You’re probably aware by now that admissions counselors are looking for well-rounded candidates. Extracurriculars are a terrific way to deliver what they’re looking for while simultaneously having some fun, too. But listing extracurricular after extracurricular is a missed opportunity if you fail to do one thing: link these activities to your academic and professional plans.

There are many creative ways to go about doing this. For example, if you captained your school’s Quidditch team, this not only demonstrates athletic abilities, but also shows leadership potential.

Other sought-after traits which can be exemplified through extracurricular work include teamwork, critical thinking, writing abilities, oral communication, technical skills and more. In other words, while your extracurricular activities may not directly link to a prospective program, making connections which are relevant to your field of study and career goals will vastly enrich your application.

4. Be Concrete

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Anyone can cite long-term plans, but how many people are actually positioned to reach them? If you have long-term goals along with a specific strategy in place toward their achievement, by all means share them with the admissions committee.

However, if your plans are more open-ended, don’t feel the need to construct a 30-year plan just to impress admissions officers. It’s okay to have some uncertainty regarding exactly where you’re headed as long as you’re committed to the path you’re on and to the role it will play in helping you lead a satisfying and fulfilling life.

One caveat? The gap year. If you've taken time off or plan to take time off, it’s essential to show admissions committees how you did or will make the most out of that time.

5. Proceed With Caution

Male Student Studying In Classroom With Books

So you’ve just completed a personal statement which you think would give “War and Peace” a run for its money. Congratulations! But don’t hit “submit” just yet. First, it’s essential to proofread your essay thoroughly to make sure it's 100 percent mistake-free. (After all “War and Piece” doesn’t quite have the same literary flair.)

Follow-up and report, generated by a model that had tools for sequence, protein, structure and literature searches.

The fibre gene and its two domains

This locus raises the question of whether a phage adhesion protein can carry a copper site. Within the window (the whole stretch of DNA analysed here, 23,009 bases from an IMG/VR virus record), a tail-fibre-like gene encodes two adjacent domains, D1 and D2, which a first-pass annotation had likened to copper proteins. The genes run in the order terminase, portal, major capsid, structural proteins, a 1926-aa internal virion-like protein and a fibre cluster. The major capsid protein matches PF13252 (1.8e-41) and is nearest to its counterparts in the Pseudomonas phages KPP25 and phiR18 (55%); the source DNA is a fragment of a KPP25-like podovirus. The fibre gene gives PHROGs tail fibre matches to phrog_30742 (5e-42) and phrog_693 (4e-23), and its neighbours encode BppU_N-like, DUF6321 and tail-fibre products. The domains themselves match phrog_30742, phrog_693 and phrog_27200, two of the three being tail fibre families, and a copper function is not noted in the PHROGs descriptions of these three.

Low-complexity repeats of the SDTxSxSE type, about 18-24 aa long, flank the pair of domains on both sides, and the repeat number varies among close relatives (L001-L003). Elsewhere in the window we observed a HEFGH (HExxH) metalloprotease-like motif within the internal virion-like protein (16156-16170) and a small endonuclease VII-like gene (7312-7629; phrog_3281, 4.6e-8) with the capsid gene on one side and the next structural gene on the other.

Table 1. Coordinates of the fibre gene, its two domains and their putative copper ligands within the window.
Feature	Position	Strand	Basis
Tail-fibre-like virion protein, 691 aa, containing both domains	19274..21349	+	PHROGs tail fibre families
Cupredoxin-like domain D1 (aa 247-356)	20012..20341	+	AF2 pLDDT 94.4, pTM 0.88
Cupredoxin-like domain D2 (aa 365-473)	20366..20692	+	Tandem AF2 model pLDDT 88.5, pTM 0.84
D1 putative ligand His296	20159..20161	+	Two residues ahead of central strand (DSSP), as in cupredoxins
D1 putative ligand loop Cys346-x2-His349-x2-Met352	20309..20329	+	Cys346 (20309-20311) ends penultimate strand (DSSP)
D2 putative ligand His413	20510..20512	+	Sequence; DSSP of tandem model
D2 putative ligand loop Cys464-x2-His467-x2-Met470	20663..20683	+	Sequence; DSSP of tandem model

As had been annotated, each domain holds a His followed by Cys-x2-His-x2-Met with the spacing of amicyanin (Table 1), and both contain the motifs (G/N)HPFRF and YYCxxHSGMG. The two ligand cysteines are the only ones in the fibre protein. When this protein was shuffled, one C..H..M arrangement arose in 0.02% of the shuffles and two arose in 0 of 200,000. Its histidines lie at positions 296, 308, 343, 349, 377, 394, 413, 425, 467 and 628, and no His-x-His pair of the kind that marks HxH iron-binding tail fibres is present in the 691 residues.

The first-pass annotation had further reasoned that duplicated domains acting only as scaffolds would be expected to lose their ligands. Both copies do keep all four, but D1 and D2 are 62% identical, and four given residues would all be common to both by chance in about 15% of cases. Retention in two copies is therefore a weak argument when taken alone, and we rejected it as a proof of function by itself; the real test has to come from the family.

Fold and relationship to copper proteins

If possible, enlist the help of someone else to proof your work as a second set of eyes can catch errors you might otherwise overlook. If neither a friend or family member is available, set the statement aside for a day or two. (Just one more reason to start your personal essay early rather than waiting until the last minute.) When you return to it “fresh,” you may notice things you overlooked the first time. Specific things to be on the lookout for? Grammar and spelling errors, for starters. While these may seem like “simple” mistakes to you, they appear sloppy and careless to readers.

Additionally, make sure you’re personal statement is specific to one university. A shocking number of personal essays contain references to other colleges and programs -- a mistake which definitely will not boost your chances of getting in, and may actually send your application straight into the “Trash” file in the case of more unforgiving admissions officers.

Ultimately, there's no formula for writing a winning personal statement. In fact, what’s right for one candidate may be very different from what’s right for another. Using these tips as a guideline, however, can help you craft a personal statement which shows you in your very best light while making an interesting, enthusiastic and irresistible impression on admissions committees.

Joanna Hughes

Author

Joanna worked in higher education administration for many years at a leading research institution before becoming a full-time freelance writer. She lives in the beautiful White Mountains region of New Hampshire with her family.